US wheat farmers face bleak crop economics as grain oversupply hits

Grains, Cereal & Legumes
United States
Market & Price Trends
Published Apr 19, 2024

Tridge summary

U.S. wheat farmers, particularly those growing winter wheat in the Great Plains, are grappling with severe financial difficulties due to a combination of low global wheat prices, high production costs, and the aftermath of three years of drought. This has led to near four-year low prices for U.S. wheat, exacerbated by increased global supply and high costs for essentials like equipment and labor. The USDA anticipates a decrease in farm income for 2024, a reduction in wheat acreage, and a rise in wheat imports. Additionally, there's a reported 7% decrease in winter wheat acreage and a slight 1% increase in spring wheat acreage for the next planting season. Despite wheat's lower profitability, it remains a necessary crop for many farmers due to its role in crop rotation and soil enrichment, highlighting the complex challenges faced by the U.S. wheat farming sector in a competitive global market.
Disclaimer: The above summary was generated by a state-of-the-art LLM model and is intended for informational purposes only. It is recommended that readers refer to the original article for more context.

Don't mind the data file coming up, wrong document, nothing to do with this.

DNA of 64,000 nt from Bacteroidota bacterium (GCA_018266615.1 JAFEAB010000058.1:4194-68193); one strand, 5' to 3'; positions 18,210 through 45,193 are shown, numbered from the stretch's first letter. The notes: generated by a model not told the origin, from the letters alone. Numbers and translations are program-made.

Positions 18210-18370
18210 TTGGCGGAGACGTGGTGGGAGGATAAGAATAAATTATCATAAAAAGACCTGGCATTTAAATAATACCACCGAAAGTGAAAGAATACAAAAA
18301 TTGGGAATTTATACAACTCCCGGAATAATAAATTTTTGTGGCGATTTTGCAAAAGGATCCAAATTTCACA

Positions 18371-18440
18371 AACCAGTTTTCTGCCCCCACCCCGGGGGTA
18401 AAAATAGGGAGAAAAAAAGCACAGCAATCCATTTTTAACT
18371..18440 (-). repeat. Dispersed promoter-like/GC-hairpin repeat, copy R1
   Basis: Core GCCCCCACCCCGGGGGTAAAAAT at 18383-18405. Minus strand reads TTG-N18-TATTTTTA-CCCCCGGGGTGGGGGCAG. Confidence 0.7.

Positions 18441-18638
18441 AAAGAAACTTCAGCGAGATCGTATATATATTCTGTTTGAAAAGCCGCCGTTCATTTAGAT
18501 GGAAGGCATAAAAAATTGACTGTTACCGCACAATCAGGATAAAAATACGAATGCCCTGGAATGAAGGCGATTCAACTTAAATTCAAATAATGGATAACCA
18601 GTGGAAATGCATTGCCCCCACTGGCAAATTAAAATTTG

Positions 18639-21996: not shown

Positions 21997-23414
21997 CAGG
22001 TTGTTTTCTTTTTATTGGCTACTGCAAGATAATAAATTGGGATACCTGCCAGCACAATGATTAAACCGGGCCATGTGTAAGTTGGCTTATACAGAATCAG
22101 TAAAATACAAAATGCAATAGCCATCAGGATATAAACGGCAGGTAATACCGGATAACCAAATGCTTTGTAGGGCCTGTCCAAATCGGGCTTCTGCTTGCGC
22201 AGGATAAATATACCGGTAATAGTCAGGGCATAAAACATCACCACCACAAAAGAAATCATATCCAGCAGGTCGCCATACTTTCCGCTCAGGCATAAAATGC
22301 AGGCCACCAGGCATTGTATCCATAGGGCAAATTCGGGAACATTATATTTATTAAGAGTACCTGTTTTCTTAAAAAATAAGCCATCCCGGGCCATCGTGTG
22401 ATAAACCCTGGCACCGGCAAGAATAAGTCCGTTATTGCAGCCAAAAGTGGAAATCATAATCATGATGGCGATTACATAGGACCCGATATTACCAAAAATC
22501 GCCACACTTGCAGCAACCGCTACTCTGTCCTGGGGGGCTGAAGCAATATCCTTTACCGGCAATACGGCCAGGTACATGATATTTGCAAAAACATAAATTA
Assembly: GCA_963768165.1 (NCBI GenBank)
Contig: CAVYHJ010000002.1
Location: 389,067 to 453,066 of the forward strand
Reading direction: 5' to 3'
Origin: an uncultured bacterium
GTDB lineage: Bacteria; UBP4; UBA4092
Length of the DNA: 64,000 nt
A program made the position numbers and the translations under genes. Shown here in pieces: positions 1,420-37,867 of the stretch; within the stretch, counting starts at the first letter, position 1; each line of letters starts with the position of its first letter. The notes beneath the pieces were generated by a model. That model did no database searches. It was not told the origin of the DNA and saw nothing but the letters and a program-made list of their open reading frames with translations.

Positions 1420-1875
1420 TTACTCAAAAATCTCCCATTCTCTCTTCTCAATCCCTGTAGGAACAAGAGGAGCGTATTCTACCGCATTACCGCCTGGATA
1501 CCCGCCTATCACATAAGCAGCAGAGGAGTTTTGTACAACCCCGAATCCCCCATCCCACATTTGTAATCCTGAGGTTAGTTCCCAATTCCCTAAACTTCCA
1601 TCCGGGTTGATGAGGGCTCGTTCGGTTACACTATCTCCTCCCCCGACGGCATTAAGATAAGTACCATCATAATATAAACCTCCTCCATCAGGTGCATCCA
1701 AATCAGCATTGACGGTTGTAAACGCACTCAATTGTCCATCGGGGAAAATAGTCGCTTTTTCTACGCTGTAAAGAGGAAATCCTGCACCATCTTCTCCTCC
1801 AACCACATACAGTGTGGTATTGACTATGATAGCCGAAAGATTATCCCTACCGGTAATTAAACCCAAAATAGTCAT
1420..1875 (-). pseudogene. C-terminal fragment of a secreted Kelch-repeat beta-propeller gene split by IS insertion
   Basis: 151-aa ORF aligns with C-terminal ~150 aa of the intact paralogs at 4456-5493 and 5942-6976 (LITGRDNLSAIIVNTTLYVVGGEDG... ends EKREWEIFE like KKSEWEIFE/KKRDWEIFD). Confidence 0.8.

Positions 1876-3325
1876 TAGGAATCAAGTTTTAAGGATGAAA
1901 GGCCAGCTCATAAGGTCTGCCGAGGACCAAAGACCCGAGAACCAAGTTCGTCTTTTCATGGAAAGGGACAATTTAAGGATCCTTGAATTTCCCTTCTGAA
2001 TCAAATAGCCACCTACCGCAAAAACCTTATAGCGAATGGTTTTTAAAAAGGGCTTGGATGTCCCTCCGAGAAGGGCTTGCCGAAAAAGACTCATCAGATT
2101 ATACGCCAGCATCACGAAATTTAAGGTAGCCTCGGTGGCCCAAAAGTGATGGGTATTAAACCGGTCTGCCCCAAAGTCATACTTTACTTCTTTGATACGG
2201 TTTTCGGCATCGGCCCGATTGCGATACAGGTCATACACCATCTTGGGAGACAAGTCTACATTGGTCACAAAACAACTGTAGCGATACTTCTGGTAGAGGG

Original content

Profit is growing further out of reach for U.S. wheat farmers and many do not expect to break even in 2024 as ample global supply keeps prices around their lowest in nearly four years at the same time costs including equipment and transport remain high. The current state of the U.S. wheat market will hit winter wheat farmers in the Great Plains hard. They may lose money despite having what looks to be their best crop for some time after three years of drought sapped yields andforced farmers to abandon wheat. U.S. wheat prices Wc1have plummeted as cheap supplies from the Black Sea and Europe replenished global stocks of the staple grain, and as plentiful corn harvests worldwide pressure the entire commodity grains complex. U.S. winter wheat will be the first crop to be harvested in a year whenU.S. farm income is expected to plummet, signaling tough times ahead for rural America. Chris Tanner, a farmer in the top wheat growing state of Kansas, said he wouldneed to harvest 10 bushels ...
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